What Makes REIT Dividends So Special? You Might Be Surprised

Many REITs offer a unique opportunity to manage your cash stream, especially if you understand their dividend composition. 
Two of my favorite real estate investment trusts (REITs), Digital Realty Trust (NYSE: DLR), a technology real estate REIT, and Gladstone Capital Corp. (NASDAQ: GOOD), a commercial real estate REIT, are superior income investments: Digital yields 5%, Gladstone yield 8.4%.
Both also offer dividends that allow investors to manage their tax liability.
With most companies, the dividend is fully taxable to the investor (if held outside a retirement account).  Depending on your holding period (less or more than a year), the dividend will be taxed at either your marginal tax rate or the special dividend-tax rate. For most investors, the rate is 15% or 20%, depending on the marginal income tax rate.
But with REITs like Digital Realty and Gladstone Capital, calculating taxes on dividends is less straightforward.  REIT dividends not only differ from C-corporation dividends – those issued from companies like ExxonMobil (NYSE: XOM), Microsoft (NASDAQ: MSFT), Wal-Mart (NYSE: WMT), etc. – they differ from REIT to REIT.
REIT dividends are really a mixture of earnings, return of capital, and capital gains.  All three of these components are taxed at different rates, with return of capital not being taxed at all. Return of capital, instead, reduces the cost basis of the REIT investment.
Composition of REIT Dividends and Tax Consequences

Ordinary Income Capital Gain Return of Capital
Marginal Income Tax Rate 15% for Most Investors Lowers Cost Basis

For each REIT, the proportion of ordinary income, capital gain, and return of capital is unique.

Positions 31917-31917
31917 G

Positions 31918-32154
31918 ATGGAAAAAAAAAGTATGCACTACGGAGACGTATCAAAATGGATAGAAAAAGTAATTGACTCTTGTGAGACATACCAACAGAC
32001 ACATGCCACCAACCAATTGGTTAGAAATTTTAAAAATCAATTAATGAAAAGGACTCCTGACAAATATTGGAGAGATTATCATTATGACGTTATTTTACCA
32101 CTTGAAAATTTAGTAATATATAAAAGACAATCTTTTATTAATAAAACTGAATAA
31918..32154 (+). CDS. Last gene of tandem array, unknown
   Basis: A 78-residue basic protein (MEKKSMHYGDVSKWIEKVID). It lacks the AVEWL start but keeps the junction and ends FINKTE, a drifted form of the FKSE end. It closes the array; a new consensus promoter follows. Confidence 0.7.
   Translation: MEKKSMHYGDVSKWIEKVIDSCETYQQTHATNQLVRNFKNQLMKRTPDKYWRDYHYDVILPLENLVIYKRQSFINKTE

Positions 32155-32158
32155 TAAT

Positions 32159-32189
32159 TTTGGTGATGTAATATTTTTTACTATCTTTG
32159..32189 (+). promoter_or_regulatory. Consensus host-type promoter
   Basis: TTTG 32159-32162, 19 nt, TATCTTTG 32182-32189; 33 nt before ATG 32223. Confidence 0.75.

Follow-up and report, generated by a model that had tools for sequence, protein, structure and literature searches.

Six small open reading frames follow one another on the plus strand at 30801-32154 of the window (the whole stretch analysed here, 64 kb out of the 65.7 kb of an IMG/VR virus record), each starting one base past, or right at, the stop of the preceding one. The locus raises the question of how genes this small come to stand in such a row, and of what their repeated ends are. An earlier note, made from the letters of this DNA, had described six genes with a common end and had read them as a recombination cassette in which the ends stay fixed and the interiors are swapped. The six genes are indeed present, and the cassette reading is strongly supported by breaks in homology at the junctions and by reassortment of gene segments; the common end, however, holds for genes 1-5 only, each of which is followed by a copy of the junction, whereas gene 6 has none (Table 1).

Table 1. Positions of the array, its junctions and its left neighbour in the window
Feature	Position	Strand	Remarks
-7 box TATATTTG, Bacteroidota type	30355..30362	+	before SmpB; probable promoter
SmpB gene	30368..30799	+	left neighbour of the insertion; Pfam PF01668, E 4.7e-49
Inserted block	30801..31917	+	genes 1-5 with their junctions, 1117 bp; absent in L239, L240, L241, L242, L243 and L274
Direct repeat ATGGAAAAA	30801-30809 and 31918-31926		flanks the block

For example, in 2013, Digital Realty paid $3.67 in per-share dividend. Of this dividend, $2.75 was ordinary income, while $0.92 was a capital gains distribution. This means $2.75 was taxed at the investor’s marginal income tax rate, while $0.92 was taxed at the capital gains rate –15% for most investors.
But this distribution between ordinary income, capital gains, and return on capital isn’t set in stone; it changes year to year.
In 2012, Digital Realty paid $2.83 in dividends per share. Of this amount, $2.58 was ordinary income, $0.02 was a capital-gain distribution, and $0.23 was a non-taxable return of capital.  The key takeaway is that the full amount of the dividend is unlikely to be taxed at your marginal income tax rate.
In contrast to Digital Realty’s dividend, hardly any of Gladstone Commercial’s dividend is subject to immediate tax. In 2013, Gladstone paid $1.50 in dividends per share. Of that dividend, 81.7% was non-taxable return of capital, which means only 18.3% of the dividend was subject to immediate income tax.
If you pay attention to the composition of a REIT’s dividend, you can manage your tax liability by the type of REITs you buy: With a REIT like Gladstone, investors get use of 81.7% of the cash received, or $1.225. Immediate income tax needs to be paid on only 18.3%, or $0.275, of the 2013 dividend.
With Digital Realty, investors do pay more immediate income tax, but they’ll incur a lower tax liability when they sell their shares, because the cost basis hasn’t been reduced by return of capital.
Keep in mind, too, Digital Realty and Gladstone are dissimilar REITs. Digital Reality is a dividend-growth REIT. Investors should expect meaningful share-price appreciation with Digital Realty over time. Gladstone, in contrast, is a steady high-yield REIT, which tends to offer much less price appreciation but higher current yield.
More tax, more growth; less tax, more yield? You make the call by the REIT you choose.

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